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The Berlin Blockade

By Andreas Hübner

Berliners watch a Douglas C-54 Skymaster land at Tempelhof Airport, 1948

Seventy years ago, on May 12, 1949, the Berlin Blockade came to an end. Nowadays considered a cornerstone of the Cold War Era, the blockade had been initiated eleven months earlier by the Soviet military administration in response to the introduction of a new currency, the Deutsche Mark, in the American, British, and French occupation zones of Germany and the allied sectors of Berlin. The Soviets understood the D-Mark as a prelude to the establishment of a single economic unit and a new government in West Germany. Thus, to prevent the distribution of the currency and to force the Western coalition to abandon the city, the Soviet military administration began blocking West Berlin, halting all rail, road and barge traffic as well as cutting off gas and electricity supplies.
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Teaching the Next Generation – A German Saturday School in the U.S.

By Christoph Strobel

It’s Saturday morning ten after nine. After a half hour drive, my two daughters and I pull into the parking lot outside a school that is situated in an affluent Boston suburb. We are among over 400 students (ranging from age 4 to 17), their parents, and about 40 faculty and staff members. Every Saturday morning, this building serves as the German Saturday School Boston (GSSB), founded in 1874 by the Boylston Schul-Verein.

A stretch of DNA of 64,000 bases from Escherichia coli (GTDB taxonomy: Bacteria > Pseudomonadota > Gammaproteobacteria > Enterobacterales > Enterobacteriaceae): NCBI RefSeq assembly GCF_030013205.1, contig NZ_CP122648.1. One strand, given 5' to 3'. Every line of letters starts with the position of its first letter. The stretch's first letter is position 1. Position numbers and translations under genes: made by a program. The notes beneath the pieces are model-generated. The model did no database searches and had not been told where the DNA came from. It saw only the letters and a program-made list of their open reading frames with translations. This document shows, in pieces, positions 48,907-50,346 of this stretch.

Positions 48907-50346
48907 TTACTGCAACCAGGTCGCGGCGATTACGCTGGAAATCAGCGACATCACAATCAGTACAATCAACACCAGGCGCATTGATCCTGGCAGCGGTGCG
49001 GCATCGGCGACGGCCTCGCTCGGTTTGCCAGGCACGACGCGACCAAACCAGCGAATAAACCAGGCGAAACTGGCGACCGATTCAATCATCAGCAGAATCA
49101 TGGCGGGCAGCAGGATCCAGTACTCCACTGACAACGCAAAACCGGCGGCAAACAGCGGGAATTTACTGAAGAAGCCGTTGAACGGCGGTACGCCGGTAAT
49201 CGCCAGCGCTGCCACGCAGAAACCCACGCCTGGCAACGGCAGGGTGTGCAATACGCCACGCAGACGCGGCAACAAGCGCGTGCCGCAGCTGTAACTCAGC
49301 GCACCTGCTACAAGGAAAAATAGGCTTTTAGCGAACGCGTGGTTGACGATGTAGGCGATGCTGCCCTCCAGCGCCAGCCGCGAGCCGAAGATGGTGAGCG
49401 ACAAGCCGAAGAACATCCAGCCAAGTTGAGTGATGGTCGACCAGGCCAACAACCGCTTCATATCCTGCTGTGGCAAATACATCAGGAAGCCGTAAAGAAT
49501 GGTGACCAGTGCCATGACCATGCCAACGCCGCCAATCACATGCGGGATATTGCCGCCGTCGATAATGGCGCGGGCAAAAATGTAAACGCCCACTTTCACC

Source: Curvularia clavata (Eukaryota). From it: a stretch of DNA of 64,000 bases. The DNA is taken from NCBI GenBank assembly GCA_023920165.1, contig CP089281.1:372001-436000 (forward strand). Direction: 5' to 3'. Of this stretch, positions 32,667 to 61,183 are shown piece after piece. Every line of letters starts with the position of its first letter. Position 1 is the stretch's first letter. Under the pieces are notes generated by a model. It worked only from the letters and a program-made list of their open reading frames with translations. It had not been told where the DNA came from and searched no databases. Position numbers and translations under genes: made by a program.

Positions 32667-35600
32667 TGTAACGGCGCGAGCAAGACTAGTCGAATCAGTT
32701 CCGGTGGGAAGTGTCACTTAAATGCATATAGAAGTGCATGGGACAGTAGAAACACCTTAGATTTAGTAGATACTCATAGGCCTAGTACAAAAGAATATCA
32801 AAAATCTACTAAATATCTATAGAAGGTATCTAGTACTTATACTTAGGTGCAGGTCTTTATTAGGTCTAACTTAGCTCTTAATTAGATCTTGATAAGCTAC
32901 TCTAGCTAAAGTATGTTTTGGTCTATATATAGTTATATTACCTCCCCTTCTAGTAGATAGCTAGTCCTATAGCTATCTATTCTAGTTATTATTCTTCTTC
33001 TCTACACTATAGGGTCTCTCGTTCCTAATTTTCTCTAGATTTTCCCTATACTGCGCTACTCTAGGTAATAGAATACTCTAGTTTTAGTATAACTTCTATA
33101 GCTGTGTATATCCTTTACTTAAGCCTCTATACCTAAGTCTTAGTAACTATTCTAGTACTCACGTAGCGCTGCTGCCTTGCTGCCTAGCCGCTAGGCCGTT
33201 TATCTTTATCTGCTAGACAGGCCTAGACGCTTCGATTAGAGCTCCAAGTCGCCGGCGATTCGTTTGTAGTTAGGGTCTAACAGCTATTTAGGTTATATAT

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Beyoncé and Jay-Z at the Louvre: A Timely Reminder of Art Museums’ Racist Past

By Wiebke Kartheus

Beyoncé and Jay-Z posing in front of the Mona Lisa

The Louvre is the most famous and most visited museum in the world. Arguably, it is also the most prestigious one. So what does it mean when two of the biggest cultural icons of the 21st century shoot a music video there? What does it mean when Beyoncé and Jay-Z, under the name “The Carters,” present themselves in the Louvre in their “Apesh*t” video released in June 2018?

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Christmas Traditions in the U.S.

This year, the team of the American Studies Blog would like to wish you all a very Merry Christmas by testing your knowledge of Christmas trivia. We hope that you will pass ‘and’ pass on our infotainment to your family, friends, colleagues, and students. It is interesting to ponder how much other cultures have enriched American Christmas traditions. Without further ado, here’s our Christmas quiz for you:

  1. Which one of America’s most beloved Christmas poems by Clement Moore appeared on Dec. 23, 1823?
  2. Which group of German immigrants introduced the Christmas tree to the United States in the 1800s?
  3. Which German American illustrator heavily influenced Santa’s popular image?
  4. Which two other holidays are celebrated in the United States during the month of December?
  5. Can you name at least 3 religious and 3 non-religious figures, icons, or symbols of the holiday?

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